“They may be house-rich and cash poor or living on the edge because of Social Security and the money just isn’t there to cover costs.”
The center also holds an annual school supplies and backpacks giveaway. “This year, we had sporting equipment to start school with,” Decker said. There’s also a yearly toy event, providing holiday gifts to about 700 children of pantry clients.
“Last year, we gave away 120 bicycles. The parents come and shop for their children without paying a dime. We know how old the kids are and they come and pick out what their kids would like. It is all done with grace and kindness and dignity and thoughtfulness; we try to give kids things they would really like.”
Volunteers begin arriving as early as 7 a.m. Monday through Friday; the pantry is open from 9:30 a.m. until 2 p.m.
“This ministry has been vital to the growth and health of this church,” said Decker, a member of Prince of Peace since the 1990s. “We have been very focused on being part of the local community as well as being part of the world and living the Gospel, rather than just talking about it. We consider ourselves part of the community – not everyone may worship with us but everybody in this community knows who we are and what we do.”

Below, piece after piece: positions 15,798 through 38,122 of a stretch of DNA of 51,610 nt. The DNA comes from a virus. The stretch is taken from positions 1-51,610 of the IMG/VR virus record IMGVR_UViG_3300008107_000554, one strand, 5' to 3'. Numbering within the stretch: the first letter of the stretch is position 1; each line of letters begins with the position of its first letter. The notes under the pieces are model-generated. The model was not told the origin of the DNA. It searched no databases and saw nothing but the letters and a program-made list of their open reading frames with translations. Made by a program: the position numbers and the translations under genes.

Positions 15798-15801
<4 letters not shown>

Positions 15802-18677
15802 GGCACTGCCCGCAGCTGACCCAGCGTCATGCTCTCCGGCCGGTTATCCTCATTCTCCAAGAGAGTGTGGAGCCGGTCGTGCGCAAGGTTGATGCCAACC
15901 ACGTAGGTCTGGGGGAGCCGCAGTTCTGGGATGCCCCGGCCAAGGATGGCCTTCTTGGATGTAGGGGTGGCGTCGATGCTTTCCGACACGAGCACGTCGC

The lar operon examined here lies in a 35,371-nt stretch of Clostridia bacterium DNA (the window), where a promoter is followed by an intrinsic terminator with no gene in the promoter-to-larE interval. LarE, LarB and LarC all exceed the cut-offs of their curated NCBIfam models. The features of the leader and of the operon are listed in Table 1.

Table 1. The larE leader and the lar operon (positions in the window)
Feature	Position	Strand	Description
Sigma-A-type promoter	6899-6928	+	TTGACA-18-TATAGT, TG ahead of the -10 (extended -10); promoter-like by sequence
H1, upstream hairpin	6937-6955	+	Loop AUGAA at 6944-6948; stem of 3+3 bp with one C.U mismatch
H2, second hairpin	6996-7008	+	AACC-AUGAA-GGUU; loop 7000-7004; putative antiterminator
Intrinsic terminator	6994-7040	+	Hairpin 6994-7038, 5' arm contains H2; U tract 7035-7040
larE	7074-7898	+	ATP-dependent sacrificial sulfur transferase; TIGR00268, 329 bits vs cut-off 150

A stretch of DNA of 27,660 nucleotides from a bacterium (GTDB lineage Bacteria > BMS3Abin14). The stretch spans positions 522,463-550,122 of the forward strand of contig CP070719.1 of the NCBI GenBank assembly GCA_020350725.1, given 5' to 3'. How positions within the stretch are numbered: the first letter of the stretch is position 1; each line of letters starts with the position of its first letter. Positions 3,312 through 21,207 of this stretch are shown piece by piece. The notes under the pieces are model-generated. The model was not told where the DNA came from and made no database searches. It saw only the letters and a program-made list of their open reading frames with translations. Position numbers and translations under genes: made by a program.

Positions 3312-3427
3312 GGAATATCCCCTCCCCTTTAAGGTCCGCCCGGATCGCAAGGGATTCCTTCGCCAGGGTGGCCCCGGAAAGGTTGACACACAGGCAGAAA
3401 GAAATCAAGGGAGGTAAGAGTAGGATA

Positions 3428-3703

The pantry’s annual budget is between $500,000 and $750,000 and the ministry is funded largely by grants and donations, Decker said.
Additionally, the pantry connects unhoused persons with local social service agencies “to try to get them into housing. We see about 150 homeless individuals a month.”
As the dream grows, Decker said she hopes to raise the additional money to complete both phases together.
“Depending on the grace of God, I need another million dollars and we can go for phase two in conjunction with phase one, which means the grand opening could be 18 months away instead of 14, if they build concurrently.”
Also in attendance at the groundbreaking were pantry founder Margaret Shively, Los Angeles Councilmember Bob Blumenfield, newly elected county supervisor Lindsey Horvath, the Rev. Steve Dean, the Rev. George Packer, and the Rev. Brian Tucker.
“During the height of the pandemic, as we faced an unprecedented call for help, Debbie Decker and the West Valley Food Pantry were there for our community in more ways than one,” Blumenfield told The Episcopal News. “I’ve been an admirer and partner of Debbie for many years, and it will be truly incredible to see what they can do with this new facility.”